Since Breath of the Wild was a dual release on both the Nintendo Switch and Wii U, you would have thought that Zelda would be an appropriate swan song for the Wii U. However, you’re wrong, and not in a good way unfortunately. The last release, supposedly, major release on the not-so-favorable Nintendo console is in fact a remaster — if that’s what you can fully call it.
Platform Reviewed: Wii U Platforms Available: Wii U, PC, PS4, Xbox One Developer: KAIKO Publisher: THQ Nordic Release Date: May 23, 2017 (Wii U) November 22, 2016 (PS4, Xbox One, PC) Price: $19.99 This review is based on a review copy provided by THQ Nordic.
Darksiders Warmastered Edition is a remastered port of the original 2010 title, which mostly adds updated visuals and, unfortunately, not much else. The visual upgrade itself isn’t something immediately apparent, and in worst cases still chugs. Throughout my time with the game, it was shocking to me that a game from seven years ago still had a shoddy frame rate, even if it is on the Wii U, which came out two years after the original release. Plus, textures still look outdated and blurry, which shows that the game itself doesn’t hold up visually, despite its creative and edgy art-style.
The gameplay also, sadly, doesn’t hold up much either. For those who have never played any of the Darksiders games, it’s similar to the God of War games, while incorporating Zelda elements. While those games are held in relatively high regard, that quality doesn’t easily translate over here. Darksiders uses the same tropes, but lacking any sort of innovation or personal twist. This lack of differentiation from the titles being emulated had left me unengaged, making my time throughout the game a huge slog. Things do pick up as you go on, but by then the sour taste from the beginning of the game had left me disappointed.
The lack of any real upgrade and fun gameplay are quite the disappointment, especially when comparing it to the world and narrative created here. Darksiders mixes the human world with the realm of mythical beings, and shows the destruction brought about when the balance between both is mysteriously disrupted. This concept is still fresh and an interesting one to tackle even today. Vigil Games definitely has a well fleshed out lore and world that I’m sure anyone would be willing to dive deep into. However, it’s hard to get invested when all you’re really doing is pressing one attack button against chicken fodder enemies.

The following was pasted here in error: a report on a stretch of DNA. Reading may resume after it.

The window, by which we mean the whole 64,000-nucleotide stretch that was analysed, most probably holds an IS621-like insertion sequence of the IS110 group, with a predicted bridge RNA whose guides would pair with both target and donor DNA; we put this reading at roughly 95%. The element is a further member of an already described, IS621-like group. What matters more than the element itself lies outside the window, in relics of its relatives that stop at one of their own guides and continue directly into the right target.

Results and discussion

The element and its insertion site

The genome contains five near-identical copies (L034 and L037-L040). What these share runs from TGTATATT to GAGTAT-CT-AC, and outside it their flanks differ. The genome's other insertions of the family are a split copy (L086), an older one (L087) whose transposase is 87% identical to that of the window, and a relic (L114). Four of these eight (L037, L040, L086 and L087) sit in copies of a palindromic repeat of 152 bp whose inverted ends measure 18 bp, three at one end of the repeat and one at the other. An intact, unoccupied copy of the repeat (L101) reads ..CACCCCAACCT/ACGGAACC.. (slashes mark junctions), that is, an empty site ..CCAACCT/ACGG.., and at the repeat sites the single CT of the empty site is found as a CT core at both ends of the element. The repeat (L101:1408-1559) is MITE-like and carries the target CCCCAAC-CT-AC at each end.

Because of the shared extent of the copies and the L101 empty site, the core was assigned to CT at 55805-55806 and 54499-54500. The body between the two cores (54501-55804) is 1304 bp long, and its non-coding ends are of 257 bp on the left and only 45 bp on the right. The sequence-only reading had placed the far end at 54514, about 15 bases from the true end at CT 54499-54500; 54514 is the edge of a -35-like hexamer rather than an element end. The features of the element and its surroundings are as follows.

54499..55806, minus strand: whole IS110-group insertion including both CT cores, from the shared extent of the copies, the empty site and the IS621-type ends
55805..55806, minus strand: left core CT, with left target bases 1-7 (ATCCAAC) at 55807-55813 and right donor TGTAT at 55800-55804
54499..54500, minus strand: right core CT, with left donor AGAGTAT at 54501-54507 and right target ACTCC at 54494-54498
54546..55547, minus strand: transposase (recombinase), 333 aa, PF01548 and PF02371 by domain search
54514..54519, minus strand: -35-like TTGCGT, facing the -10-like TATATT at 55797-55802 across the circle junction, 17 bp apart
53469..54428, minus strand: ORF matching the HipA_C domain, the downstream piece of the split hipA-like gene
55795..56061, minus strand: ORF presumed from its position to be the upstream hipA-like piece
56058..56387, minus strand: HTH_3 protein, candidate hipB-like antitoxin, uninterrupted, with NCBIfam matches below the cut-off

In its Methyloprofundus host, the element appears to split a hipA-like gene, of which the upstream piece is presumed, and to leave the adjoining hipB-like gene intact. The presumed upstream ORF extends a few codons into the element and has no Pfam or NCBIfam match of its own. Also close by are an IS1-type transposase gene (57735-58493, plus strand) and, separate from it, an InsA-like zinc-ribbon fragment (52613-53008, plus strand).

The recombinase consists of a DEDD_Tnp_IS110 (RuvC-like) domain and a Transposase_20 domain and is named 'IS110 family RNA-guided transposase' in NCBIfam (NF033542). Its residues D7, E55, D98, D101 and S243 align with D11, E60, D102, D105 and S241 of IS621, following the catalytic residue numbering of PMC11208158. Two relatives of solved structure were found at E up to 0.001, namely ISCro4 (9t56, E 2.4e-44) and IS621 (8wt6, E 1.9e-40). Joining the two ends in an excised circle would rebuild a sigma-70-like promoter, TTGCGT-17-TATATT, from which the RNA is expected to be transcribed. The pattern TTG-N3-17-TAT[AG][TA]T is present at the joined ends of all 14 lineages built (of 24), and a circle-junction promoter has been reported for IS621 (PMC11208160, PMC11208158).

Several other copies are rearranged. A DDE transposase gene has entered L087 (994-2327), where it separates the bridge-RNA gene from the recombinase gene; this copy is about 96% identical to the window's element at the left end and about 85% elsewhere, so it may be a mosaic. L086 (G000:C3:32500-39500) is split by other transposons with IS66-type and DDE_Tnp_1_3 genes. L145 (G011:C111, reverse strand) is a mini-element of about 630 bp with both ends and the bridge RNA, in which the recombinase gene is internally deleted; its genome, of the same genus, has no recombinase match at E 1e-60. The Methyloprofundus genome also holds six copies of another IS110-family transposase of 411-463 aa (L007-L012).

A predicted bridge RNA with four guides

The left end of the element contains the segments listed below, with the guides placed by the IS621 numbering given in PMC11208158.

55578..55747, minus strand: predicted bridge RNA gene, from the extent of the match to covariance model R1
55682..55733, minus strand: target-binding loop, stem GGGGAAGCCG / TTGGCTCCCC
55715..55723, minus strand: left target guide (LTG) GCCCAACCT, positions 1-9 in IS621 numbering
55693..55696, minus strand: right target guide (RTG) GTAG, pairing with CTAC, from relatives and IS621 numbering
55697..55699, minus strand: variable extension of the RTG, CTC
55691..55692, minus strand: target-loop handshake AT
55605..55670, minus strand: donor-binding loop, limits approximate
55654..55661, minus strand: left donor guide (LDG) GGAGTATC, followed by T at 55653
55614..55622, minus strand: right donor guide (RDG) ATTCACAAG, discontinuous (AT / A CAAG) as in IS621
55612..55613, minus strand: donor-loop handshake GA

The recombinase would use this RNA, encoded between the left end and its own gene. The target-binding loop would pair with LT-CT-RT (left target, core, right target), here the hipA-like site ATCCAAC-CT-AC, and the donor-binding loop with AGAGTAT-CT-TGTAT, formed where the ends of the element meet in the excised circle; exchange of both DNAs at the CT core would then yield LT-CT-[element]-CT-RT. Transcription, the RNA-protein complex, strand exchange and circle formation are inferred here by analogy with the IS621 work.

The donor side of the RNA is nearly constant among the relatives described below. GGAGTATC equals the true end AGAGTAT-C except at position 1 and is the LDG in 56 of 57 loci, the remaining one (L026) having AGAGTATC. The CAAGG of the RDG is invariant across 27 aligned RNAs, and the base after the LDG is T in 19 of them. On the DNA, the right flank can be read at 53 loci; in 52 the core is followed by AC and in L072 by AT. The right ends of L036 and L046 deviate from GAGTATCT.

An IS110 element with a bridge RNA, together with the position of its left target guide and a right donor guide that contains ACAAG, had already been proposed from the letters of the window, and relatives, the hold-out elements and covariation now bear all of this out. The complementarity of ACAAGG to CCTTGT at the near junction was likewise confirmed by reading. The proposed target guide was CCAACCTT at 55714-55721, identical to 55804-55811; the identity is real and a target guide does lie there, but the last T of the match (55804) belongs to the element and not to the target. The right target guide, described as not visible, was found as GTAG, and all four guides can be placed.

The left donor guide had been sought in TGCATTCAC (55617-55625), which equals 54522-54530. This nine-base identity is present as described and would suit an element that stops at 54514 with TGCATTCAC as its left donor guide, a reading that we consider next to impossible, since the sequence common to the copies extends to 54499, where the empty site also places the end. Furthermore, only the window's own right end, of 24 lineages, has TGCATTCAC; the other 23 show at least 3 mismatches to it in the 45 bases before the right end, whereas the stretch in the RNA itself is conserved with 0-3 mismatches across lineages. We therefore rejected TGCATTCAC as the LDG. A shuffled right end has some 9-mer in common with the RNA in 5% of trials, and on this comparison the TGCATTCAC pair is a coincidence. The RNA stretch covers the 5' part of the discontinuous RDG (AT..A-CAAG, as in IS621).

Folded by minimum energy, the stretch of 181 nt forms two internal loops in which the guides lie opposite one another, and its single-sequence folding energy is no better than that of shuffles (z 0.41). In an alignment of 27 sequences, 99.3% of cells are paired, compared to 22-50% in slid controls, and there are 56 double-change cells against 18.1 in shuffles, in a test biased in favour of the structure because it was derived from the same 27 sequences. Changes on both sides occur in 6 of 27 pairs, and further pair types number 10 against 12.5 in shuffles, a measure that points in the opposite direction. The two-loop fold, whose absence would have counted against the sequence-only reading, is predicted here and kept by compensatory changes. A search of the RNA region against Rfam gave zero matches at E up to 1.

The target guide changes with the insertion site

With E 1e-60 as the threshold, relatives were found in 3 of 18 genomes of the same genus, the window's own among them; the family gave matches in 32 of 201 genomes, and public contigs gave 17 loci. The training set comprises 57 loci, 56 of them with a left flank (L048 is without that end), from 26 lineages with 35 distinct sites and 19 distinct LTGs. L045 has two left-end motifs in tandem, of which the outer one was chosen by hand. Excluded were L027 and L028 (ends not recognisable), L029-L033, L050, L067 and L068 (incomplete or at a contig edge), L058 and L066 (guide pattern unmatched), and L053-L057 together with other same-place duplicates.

Another redeeming quality are the performances done for the numerous characters in the game. Performances perfectly blend together the sense of despair and grittiness, while making it comical and lighthearted. This type of blend fits the art style of the game, with its exaggerated proportions and edgy brush strokes. You can accredit this to the notable cast behind the curtain, with names the like of Mark Hamill and Liam O’Brien. Although, Mark Hamill’s performance is still great, you can’t help but still hear that hint of Joker in his tone inflections.
Overall, Darksiders: Warmastered Edition is a disappointing port, especially on the Wii U. It doesn’t add much in terms of content since it lacks any sort of dev diaries or behind the scenes tidbits. Adding on to that, it hardly fits the description of a remaster, since the game doesn’t run any better and constantly chugged throughout my time with the game. And lastly, the game isn’t a shining example of copying being the strongest form of flattery.
If you’re a hardcore fan and wish to catch up on the story of the Darksiders series before the third game comes out, I’d say you can skip the first game entirely and just watch a YouTube video instead. Do, however, pickup Darksiders II: The Deathfinitive Edition, since all gameplay concerns are absolutely addressed in the sequel. Plus, Death as a character is a lot cooler than War.
We want to emphasize that 5 will always be the “average” number, not 7. So by far, it’s 50% great and it’s also 50% bad.